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Wednesday, January 18, 2012

Extract from 'The Reluctant Hallelujah' by Gabrielle Williams

Enron helped me move the couch. We pushed all four of Grandma’s tables to one side. Enron hoisted the coffee table off the floor with one hand and left it on the couch with all the cushions. Something Mum would definitely not approve of.

‘Last thing,’ Minty said, nodding down at the Persian rug that took up a large chunk of the lounge room floor. Enron took one corner, Minty took the other and I went to the middle and we peeled it back, like the pastry lid of a pie dish.

In the middle of the carpet was a neatly cut square, slotting perfectly into the pattern so you might miss it if you weren’t looking, but easy enough to find if you knew what to search for.

We stepped back from it a moment. Instinctively I looked towards the front windows, even though the shutters were closed.

We lifted the square of carpet, and there it was.

A solid iron trapdoor. With a lock. An ornate, old-fashioned lock that would fit an ornate, old-fashioned iron key perfectly.

I’d seen enough NCIS to know that two missing parents and one locked trapdoor is a combination for great TV but not so great in real life.

I slung a glance at Minty. She was watching me carefully, ready to sweep me up in case I fell to pieces.

And at that moment, we heard another key in the front door. Turning in the lock.

We looked to see who it was. More than anything, I wanted it to be my mum. I wanted it to all be some ridiculous misunderstanding. I didn’t care what was in the basement. I didn’t care that we had a lock in the middle of our lounge room floor. Mum could tell me it didn’t involve me, and I’d be fine with that. Better than fine. Great. I would never peel that Persian rug back again. We could put that ornate old key back on the mantelpiece and forget about it. We’d put the couch back. Take the coffee table off the furniture. Put everything back the way it was.

Including my life.

The front door clicked shut. Not so quietly this time.

Coco walked down the hallway, heading for the kitchen. Eyes down, headphones in, texting as if everything was good with the world. As if everything was fine. No problems here, thanks for asking.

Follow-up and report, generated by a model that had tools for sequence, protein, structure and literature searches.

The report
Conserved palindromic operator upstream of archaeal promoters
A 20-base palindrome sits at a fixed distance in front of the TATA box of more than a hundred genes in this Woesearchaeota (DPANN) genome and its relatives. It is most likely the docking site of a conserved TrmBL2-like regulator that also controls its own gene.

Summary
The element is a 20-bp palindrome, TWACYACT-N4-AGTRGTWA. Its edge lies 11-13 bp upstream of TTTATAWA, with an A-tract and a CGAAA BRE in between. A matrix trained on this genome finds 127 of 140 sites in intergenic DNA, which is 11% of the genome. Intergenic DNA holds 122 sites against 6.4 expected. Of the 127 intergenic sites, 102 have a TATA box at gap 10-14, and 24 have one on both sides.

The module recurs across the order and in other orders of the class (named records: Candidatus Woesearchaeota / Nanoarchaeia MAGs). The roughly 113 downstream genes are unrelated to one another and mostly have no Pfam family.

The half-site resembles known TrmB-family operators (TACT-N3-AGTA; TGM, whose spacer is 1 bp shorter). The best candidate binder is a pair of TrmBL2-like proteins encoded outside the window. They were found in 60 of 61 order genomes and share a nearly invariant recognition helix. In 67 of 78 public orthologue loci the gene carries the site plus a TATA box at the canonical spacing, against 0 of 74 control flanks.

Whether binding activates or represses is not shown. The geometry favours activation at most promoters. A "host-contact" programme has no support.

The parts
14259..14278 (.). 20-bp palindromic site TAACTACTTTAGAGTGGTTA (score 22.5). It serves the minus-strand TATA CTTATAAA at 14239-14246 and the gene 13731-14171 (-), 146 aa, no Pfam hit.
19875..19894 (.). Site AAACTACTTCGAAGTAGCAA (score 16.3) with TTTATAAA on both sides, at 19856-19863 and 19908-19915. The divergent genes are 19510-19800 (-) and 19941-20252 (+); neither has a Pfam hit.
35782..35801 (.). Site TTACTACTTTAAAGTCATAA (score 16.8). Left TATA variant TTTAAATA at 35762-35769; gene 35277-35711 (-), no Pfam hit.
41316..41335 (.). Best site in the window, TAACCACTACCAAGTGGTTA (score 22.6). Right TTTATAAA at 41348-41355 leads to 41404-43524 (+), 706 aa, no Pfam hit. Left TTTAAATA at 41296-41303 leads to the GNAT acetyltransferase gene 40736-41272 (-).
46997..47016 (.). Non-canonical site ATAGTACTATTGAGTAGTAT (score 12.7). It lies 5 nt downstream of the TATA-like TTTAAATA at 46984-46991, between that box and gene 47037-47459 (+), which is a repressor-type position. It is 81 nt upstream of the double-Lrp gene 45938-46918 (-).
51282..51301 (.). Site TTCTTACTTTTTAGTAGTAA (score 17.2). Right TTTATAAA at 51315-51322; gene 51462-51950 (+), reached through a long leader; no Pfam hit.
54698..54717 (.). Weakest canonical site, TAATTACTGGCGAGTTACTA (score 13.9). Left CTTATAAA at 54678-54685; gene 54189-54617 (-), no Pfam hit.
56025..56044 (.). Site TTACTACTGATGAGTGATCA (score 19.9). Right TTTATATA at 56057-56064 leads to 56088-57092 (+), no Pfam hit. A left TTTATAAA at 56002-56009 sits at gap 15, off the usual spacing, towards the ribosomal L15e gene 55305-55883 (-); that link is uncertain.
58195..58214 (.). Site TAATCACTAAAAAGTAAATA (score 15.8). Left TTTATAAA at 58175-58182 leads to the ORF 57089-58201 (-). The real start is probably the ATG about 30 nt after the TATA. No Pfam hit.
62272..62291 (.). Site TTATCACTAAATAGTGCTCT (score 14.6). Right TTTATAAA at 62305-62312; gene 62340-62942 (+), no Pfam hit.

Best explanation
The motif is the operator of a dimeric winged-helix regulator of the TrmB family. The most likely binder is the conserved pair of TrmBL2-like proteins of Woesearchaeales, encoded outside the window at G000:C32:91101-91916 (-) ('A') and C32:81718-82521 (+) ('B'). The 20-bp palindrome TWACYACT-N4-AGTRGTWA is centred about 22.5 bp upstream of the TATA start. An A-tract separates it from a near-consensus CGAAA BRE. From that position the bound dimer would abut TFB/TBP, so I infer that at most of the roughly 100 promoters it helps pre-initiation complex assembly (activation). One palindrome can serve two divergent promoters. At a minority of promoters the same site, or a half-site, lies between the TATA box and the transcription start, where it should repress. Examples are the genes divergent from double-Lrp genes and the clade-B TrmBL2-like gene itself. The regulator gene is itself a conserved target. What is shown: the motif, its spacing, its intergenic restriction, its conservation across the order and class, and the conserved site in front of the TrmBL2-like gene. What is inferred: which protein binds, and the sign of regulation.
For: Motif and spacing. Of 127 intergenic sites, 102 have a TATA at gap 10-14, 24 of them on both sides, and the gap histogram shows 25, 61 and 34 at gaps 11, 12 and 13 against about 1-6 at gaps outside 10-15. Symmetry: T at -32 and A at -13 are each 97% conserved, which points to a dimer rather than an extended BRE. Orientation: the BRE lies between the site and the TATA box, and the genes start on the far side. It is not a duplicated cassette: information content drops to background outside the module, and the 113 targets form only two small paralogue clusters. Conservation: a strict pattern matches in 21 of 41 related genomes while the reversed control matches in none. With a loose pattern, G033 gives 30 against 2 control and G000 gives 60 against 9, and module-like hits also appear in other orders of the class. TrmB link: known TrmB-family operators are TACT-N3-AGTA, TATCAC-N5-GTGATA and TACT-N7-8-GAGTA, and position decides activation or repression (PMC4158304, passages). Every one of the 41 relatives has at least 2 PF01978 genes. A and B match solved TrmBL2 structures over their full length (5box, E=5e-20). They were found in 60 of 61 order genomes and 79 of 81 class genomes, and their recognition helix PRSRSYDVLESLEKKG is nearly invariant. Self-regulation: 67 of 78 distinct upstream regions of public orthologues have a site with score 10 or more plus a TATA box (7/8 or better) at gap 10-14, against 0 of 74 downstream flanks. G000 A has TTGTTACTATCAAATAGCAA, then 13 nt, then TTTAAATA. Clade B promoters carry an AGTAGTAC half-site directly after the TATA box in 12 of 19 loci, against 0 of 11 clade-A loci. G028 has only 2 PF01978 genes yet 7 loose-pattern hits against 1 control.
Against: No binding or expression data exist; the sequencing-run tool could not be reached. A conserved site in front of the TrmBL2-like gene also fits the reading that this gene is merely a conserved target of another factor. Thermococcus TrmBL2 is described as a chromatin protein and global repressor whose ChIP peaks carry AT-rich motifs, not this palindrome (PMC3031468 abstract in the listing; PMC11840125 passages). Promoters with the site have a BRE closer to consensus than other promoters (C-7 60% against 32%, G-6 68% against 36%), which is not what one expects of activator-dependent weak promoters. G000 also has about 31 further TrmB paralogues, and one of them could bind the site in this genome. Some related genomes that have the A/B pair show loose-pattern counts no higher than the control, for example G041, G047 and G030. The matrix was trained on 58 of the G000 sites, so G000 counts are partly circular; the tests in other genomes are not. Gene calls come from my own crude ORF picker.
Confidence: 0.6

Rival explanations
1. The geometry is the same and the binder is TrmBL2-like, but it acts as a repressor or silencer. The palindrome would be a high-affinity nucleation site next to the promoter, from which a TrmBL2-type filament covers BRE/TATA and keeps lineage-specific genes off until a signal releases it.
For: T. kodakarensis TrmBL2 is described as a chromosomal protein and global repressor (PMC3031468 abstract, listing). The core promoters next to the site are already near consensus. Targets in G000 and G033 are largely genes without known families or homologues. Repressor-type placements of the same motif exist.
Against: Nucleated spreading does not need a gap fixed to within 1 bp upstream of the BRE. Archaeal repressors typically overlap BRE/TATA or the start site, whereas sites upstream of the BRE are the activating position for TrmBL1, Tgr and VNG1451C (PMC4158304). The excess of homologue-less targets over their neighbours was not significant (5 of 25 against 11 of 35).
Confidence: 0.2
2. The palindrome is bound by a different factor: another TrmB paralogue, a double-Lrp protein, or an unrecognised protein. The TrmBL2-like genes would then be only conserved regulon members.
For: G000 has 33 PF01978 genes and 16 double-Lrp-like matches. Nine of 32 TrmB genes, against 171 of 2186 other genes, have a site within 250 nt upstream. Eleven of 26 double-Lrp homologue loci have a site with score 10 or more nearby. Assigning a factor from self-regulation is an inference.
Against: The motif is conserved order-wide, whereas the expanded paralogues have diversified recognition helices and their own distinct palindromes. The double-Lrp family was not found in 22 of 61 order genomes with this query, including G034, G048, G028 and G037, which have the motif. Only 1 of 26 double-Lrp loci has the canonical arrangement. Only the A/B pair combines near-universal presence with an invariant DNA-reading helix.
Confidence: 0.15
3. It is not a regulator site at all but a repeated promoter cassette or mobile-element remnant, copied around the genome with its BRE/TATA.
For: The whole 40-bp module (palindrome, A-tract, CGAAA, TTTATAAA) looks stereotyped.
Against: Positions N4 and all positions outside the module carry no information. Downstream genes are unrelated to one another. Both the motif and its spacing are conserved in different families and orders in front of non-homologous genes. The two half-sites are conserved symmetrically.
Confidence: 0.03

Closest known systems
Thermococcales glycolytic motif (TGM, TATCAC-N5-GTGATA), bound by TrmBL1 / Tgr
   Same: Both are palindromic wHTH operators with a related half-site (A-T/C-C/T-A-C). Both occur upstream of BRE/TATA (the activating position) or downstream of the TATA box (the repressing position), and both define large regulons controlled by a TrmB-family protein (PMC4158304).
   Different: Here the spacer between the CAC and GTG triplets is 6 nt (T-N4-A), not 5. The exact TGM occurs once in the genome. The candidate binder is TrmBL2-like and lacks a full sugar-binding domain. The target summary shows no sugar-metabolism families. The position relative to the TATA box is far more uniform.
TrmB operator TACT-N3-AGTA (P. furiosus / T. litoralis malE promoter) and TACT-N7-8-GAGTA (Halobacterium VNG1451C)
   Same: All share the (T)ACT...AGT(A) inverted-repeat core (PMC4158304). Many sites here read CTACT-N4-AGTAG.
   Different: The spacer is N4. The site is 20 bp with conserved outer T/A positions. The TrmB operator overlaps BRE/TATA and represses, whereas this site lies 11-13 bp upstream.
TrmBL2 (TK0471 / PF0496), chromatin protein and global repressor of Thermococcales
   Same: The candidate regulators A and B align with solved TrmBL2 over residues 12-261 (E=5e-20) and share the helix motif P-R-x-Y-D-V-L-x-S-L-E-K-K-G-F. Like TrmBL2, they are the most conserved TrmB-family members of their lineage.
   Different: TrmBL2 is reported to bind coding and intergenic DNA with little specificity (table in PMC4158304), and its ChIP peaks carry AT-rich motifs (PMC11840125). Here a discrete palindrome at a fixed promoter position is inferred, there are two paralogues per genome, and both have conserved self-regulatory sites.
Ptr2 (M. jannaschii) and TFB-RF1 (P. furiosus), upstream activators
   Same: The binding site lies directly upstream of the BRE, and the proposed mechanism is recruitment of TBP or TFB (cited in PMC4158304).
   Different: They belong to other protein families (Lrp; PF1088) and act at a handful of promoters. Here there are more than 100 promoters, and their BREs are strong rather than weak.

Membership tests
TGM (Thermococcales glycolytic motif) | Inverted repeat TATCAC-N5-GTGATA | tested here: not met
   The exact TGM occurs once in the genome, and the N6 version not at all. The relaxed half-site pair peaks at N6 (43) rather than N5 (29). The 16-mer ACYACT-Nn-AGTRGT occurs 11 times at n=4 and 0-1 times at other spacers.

I felt like smacking her.

‘Are you right there?’ I said, feeling furious that she didn’t even care less whether Mum and Dad were okay or not. ‘You right? Texting like everything’s tickety-boo.’

She looked at the furniture all butted up against each other, and peeled her headphones out of her ears.

‘What’s going on?’

‘Mum and Dad still aren’t home.’

She faltered for a moment, looked over at Minty and Jools and Enron, the white cord of her iPod dangling from her hand, and I could see her brain starting to grasp the fact that something was wrong, but struggling with what that could mean. She plunged her iPod into the side pocket of her school dress and zipped the pocket up, an instinctive reaction. I could feel myself getting teary again.

They say you can take the measure of a man by how he deals with stress. Well, here was my measure. I was a basket case.

I couldn’t stop crying. It wasn’t my problem anymore. Coco was going to have to deal with it. It wasn’t fair that just because I was two years older I was supposed to take control. Didn’t mean I was two years better at coping with stuff. In fact, being older made it worse, because I felt more pressure. If something happened, I was expected to deal with it.

I wasn’t up to it.

‘Dodie,’ Coco said, dragging my hands away from my face to look me square in the eye. ‘Have you called Mum and Dad? Have you tried to ring?’

‘There’s something down there,’ I said, and nodded towards the trapdoor. ‘Once we’ve got rid of it, we’re calling the police.’

Coco didn’t say anything. It was as if she didn’t trust her mouth to come up with any kind of response.

‘They were looking after something,’ Enron was saying, his voice soothing and deep. Calm. ‘I’ll get it. You don’t need to come down, and once I’m gone you can call the police.’

I looked across at Coco to see how she was reacting. She was frowning at him, not saying a word.

And then Enron knelt down and put the old key that was still in his hand into the lock in our floor.

Publication date: 22 February 2012

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